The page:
Some thoughts on former Secretary of the Navy Richard Spencer's letter acknowledging his termination.
"Now more than ever. the United States Navy and Marine Corps stands ready and firm in every part of the globe."
That's supposed sound noble and encouraging. To me, it does not. I see it as declaring that the United States is not a friendly partner in the world, but a military hegemon with all the perversions of thinking that all such hegemons succumb to.
"The rule of law is what sets us apart from our adversaries."
Ideally. Sadly, in practice it often does not. From subverting democratically elected socialist government to supporting authoritarian non-socialist governments, to formally endorsing torture, the U.S. often falls short of setting itself apart from its enemies.
"I cannot in good conscience obey an order that I believe violates the sacred oath I took in the presence of my
family, my flag and my faith to support and defend the Constitution of the United States."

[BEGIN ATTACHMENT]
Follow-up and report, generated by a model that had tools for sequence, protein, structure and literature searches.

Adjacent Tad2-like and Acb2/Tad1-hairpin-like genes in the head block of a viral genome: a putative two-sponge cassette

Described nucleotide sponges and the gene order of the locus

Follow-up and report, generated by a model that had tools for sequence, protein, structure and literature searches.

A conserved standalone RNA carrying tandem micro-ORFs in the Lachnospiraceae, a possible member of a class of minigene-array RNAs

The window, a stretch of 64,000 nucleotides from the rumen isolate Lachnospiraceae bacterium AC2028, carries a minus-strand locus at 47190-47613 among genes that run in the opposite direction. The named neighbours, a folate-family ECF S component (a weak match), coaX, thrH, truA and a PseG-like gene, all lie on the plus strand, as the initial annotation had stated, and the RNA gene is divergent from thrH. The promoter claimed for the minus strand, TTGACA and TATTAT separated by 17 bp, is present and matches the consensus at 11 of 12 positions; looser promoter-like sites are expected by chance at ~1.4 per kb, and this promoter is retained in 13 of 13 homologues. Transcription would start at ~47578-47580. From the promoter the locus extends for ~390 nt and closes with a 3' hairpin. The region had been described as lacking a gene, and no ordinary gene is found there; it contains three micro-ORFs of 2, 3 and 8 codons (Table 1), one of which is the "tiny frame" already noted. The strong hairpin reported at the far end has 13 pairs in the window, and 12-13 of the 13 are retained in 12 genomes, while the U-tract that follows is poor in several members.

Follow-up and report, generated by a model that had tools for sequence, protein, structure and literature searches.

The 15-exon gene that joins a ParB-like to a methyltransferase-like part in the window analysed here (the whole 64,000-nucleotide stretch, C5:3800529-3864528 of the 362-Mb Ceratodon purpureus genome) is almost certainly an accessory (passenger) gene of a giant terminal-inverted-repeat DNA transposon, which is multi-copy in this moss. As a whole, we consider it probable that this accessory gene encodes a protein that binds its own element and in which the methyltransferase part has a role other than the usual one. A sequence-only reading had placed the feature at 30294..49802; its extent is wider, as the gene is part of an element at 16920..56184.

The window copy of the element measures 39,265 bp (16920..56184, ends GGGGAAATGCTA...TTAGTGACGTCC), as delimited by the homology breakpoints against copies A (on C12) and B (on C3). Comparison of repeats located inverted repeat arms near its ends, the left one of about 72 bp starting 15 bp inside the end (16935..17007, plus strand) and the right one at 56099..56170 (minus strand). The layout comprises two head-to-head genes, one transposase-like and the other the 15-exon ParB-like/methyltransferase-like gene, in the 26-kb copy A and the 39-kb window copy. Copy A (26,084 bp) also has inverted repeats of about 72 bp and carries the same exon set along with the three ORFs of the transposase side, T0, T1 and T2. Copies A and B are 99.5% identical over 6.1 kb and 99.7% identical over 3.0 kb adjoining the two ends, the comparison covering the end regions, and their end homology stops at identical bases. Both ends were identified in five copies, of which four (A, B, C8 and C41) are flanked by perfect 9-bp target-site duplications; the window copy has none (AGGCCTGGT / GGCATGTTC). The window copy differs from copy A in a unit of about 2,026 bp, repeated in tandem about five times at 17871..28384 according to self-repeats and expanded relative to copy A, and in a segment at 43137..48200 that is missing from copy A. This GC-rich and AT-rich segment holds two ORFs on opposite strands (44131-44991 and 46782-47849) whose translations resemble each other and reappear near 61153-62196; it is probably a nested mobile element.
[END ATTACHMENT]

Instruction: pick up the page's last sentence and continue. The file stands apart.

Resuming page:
This is the heart of the letter, and its soundest part. Amidst a good deal of boilerplate and purple language, this almost gets lost. But it is crucial, and should have been more clearly emphasised.
"The President deserves and should expect a Secretary of the Navy who is aligned with his vision for the future of our force generation and sustainment."
No. By the very words of his prior sentence he has already foreclosed the possibility of this statement. As a general rule, yes, presidents deserve and can expect that. But in the particular case of a president who violates the good order and discipline that Spencer believes is necessary and who commands the Secretary of the Navy to violate is oath, no, no president deserves that.
It's a curious letter. Spencer needed an editor. I particularly liked his statement about troops who would be missing Thanksgiving because they were "over the horizon," which taken literally could mean they were only about 3 miles away. Yes, I'm a curmudgeon who doesn't like such overly dramatic writing (except when done in jest). But even more, there's an absolutely crucial point in that letter that he almost obscured. I do think the media is emphasising that point, though, and I appreciate that.